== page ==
He says that, quote, "Reasonable people" tell him that day wasn't a quote, "True insurrection."

May be the most apt line of his statement was this one, though. "I have not examined the evidence in detail." That much is abundantly clear, given this, the mob of people forcing their way into the Capitol. But what about this one? Police officers finding themselves in hand-to-hand combat. Somehow, he just happened to miss all of that evidence.

His newest statement is coming after his campaign called the rioters, activists, yesterday, who had been quote, stripped of their constitutional liberties. That one, they tried to walk back.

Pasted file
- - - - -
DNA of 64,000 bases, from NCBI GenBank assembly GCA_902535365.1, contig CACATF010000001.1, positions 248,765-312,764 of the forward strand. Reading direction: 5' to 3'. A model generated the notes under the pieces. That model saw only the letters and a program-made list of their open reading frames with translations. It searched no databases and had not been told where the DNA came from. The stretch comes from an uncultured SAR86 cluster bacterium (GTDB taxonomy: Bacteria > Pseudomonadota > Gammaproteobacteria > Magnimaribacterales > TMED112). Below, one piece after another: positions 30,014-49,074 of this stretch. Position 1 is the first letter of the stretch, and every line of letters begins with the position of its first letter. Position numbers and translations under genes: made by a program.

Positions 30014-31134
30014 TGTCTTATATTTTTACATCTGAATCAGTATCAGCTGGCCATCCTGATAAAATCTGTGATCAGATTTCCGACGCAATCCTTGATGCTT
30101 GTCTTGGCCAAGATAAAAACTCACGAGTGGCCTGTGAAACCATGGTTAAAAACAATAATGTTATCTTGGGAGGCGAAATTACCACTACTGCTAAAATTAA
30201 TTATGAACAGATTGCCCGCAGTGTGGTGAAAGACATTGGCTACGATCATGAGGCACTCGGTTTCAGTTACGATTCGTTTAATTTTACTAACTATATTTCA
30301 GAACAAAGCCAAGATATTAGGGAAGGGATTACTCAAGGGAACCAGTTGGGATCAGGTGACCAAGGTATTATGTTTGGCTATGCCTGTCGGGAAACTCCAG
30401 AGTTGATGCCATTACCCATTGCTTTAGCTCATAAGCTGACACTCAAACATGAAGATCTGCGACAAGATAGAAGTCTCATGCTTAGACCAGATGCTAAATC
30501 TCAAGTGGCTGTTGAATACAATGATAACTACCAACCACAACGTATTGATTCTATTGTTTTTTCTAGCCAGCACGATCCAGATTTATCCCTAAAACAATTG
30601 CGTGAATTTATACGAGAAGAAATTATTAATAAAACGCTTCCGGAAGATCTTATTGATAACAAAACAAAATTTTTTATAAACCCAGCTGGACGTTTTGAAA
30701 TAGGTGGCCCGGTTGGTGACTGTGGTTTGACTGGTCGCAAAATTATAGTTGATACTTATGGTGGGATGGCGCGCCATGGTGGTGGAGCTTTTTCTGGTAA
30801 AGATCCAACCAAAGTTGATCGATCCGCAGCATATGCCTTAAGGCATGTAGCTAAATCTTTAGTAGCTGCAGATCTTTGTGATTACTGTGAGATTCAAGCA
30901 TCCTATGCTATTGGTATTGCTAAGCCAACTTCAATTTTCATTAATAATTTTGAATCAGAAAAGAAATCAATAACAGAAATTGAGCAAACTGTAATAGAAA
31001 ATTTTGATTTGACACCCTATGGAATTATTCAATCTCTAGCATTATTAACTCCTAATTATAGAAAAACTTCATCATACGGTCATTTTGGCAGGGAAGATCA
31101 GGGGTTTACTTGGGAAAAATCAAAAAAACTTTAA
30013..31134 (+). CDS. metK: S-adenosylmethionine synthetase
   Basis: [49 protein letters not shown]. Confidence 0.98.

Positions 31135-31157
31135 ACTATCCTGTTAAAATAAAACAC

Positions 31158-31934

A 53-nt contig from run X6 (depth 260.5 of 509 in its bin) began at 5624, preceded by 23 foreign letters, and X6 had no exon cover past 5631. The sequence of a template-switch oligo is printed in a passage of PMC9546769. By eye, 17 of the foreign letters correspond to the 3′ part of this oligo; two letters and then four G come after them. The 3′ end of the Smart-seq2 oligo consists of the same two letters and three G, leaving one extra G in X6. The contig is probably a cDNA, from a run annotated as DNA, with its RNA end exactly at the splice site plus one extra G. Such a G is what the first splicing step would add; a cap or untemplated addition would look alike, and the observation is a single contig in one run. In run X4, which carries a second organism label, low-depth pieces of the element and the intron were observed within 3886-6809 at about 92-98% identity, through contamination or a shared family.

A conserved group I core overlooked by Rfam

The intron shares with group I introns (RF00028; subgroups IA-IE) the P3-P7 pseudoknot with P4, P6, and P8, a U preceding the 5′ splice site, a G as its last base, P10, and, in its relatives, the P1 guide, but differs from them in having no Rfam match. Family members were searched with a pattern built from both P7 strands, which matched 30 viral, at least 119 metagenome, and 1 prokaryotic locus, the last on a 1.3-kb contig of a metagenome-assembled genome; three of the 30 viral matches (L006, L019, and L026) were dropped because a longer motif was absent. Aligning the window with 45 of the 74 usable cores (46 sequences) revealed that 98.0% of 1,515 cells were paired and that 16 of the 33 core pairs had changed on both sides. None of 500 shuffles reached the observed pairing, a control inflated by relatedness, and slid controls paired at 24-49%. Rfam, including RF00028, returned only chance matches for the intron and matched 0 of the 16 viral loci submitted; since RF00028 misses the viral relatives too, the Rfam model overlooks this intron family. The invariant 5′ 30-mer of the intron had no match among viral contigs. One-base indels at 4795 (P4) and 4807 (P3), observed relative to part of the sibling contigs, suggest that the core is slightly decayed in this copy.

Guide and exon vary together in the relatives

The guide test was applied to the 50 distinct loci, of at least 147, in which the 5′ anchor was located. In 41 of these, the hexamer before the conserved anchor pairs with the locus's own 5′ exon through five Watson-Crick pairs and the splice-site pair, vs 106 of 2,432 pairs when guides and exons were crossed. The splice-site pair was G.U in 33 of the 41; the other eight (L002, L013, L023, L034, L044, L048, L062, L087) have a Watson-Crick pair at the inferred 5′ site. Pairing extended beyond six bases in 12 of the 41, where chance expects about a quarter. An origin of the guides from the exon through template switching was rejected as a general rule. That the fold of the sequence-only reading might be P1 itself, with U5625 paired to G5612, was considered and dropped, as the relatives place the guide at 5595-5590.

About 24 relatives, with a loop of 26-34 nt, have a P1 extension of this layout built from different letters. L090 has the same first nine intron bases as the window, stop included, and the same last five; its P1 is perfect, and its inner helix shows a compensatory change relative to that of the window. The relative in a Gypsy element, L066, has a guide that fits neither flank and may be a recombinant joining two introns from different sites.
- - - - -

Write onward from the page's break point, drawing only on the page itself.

But I should note, none of this is exactly new, coming from Mr. Kennedy.


ROBERT F. KENNEDY JR., INDEPENDENT CANDIDATE IN THE 2024 PRESIDENTIAL ELECTION: What's the worst thing that could happen, right? I mean, we have our entire military, Pentagon, a few blocks away.

You can rebuild a Capitol.


COLLINS: Given the fact that Kennedy, who I should note, 13 percent of Americans, right now, say they would like to be the next Commander-in- Chief, is pushing these lies. We wanted to take a moment tonight to set the record straight.

In his second attempt at a cleanup, in as many days, and in response to a CNN request for comment, he's already retracting part of his claim that those same reasonable people tell him, protesters carried no weapons.